@Heavy Water I have always had concern about AGF and its many, equally off-putting analogs whereby any expression of disapproval, suspicion, critique or normal human emotions like frustration put the editor into a gray area right off the bat. I'm not sure of the correct venue to raise such concerns, but in my experience this approach typically goes nowhere precisely because anyone can ignore reason, then cite AGF and a slew of other rules you're arguably in violation of when you call them a jackass. If you happen to have an incredible amount of restraint, patience and persistence and can't be cited for anything else, open-ended catchalls like WP:NOTHERE (a blatant contradiction of AGF by any reasonable interpretation) usually get the job done. AGF is enforced exactly when it is convenient for them to do so. Otherwise there are plenty of other expedient rules and essays that provide grounds upon which any given user may be summarily ejected from the encyclopedia that anyone can edit. Perhaps I'll write an essay of my own on the subject. What do you think? AP295 (talk)
@Heavy Water And since "assume good faith" only enforceable to the extent that we say what we assume, the rule could be equivalently stated as "do not question the motives of others." Without euphemistic phrasing that uses adjectives like "good" and "faith", the rule sounds exactly as Orwellian as it is. How should one make critical statements? If users are obliged to understate criticism and act as though others have no possible ulterior motive then critical discourse is severely debased. The expression of critique, discontent and frustration all go hand-in-hand and they are no less important than the expression of joy or any other "positive" message. When policy demands that users "avoid negativity" they should consider what that really means. What would we have besides a twilight zone of fawning, obsequious consumers and grinning, unchecked psychopathy? AP295 (talk)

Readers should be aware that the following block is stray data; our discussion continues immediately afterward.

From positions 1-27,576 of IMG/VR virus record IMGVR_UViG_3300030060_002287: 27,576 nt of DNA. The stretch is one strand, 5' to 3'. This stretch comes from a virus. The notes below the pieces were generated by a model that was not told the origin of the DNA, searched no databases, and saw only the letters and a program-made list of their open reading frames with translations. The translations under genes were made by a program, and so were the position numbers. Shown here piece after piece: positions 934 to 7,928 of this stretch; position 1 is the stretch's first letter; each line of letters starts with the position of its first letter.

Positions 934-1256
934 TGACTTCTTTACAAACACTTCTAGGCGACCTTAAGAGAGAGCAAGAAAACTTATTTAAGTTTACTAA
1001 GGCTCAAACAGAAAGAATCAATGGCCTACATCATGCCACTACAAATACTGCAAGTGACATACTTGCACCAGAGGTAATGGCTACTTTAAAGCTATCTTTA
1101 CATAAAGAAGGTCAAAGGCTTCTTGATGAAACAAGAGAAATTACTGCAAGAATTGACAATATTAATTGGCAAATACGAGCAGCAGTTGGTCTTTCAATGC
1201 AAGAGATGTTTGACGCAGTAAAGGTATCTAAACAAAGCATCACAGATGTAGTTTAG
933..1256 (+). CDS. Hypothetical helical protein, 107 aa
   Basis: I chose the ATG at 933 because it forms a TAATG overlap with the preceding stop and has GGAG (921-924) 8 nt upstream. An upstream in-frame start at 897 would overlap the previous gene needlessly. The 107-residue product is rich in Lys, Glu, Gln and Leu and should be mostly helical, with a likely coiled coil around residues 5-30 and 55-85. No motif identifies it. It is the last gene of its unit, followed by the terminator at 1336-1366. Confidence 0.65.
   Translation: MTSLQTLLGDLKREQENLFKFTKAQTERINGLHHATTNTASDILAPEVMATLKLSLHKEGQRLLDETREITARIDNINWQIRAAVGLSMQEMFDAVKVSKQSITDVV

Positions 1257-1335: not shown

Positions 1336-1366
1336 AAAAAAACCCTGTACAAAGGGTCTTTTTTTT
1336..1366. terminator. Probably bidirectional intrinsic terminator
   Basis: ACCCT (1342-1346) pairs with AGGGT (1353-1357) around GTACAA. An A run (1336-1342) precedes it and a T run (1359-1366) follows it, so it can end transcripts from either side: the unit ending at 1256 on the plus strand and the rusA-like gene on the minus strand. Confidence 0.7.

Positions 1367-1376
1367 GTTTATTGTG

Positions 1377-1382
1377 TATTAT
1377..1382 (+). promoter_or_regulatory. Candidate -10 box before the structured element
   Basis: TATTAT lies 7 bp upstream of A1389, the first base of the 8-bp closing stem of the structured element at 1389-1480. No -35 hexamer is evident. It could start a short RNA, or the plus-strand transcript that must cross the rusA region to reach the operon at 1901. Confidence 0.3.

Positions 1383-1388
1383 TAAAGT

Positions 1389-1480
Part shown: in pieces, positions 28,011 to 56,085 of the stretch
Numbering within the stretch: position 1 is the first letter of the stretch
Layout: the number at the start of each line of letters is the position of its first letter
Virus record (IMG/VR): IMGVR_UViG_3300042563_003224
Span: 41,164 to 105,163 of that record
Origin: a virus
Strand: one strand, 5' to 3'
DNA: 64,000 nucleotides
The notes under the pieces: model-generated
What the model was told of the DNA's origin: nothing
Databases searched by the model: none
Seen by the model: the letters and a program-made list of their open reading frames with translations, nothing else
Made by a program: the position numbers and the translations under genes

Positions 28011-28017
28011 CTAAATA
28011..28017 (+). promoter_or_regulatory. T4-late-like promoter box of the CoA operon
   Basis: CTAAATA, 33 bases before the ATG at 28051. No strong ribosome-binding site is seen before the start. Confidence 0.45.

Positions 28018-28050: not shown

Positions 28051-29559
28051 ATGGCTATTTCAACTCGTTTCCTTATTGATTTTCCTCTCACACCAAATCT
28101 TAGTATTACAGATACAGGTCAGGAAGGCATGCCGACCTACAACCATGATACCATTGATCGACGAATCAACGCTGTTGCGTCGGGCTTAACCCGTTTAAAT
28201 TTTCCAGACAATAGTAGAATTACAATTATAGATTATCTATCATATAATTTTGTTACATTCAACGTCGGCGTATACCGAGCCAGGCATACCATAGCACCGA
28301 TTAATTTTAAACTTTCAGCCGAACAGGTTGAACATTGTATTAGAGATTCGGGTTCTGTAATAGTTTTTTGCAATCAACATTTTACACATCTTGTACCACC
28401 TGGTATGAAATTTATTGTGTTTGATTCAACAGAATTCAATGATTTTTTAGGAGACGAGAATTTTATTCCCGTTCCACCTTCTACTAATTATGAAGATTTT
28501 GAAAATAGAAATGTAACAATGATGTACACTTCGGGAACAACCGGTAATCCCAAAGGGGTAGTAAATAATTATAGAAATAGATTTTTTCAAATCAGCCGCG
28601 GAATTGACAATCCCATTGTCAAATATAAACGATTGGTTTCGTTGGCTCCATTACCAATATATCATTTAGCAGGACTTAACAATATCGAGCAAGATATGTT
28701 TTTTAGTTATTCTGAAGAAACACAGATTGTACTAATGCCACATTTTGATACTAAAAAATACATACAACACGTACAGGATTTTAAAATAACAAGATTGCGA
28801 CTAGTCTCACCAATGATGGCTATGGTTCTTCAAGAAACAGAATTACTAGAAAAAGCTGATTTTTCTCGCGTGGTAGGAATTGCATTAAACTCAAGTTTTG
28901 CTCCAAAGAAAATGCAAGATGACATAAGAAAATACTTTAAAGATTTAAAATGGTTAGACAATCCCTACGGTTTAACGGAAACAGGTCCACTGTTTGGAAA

The rest after part two is fairly straightforward and more or less amounts to "don't harass people or wreck the site". Part two strikes me as unusual because it's presented as advice. One can't interpret it as a set of positive obligations because policy statements like "Be ready to challenge and adapt your own understanding, expectations and behaviour as a Wikimedian" are nonspecific and obviously outside any given project's authority to enforce. It seems worthwhile to make the distinction between enforceable policy and statements like "Practice empathy." The needle in the haystack here is AGF, which at first appears to fit in with the rest of the ostensibly well-intended (if banal) advice but when re-worded to properly match the scope of a project's authority to enforce, turns out to be "do not question the motives of others." In compliance with AGF, I assume of course that this is all coincidental. AP295 (talk)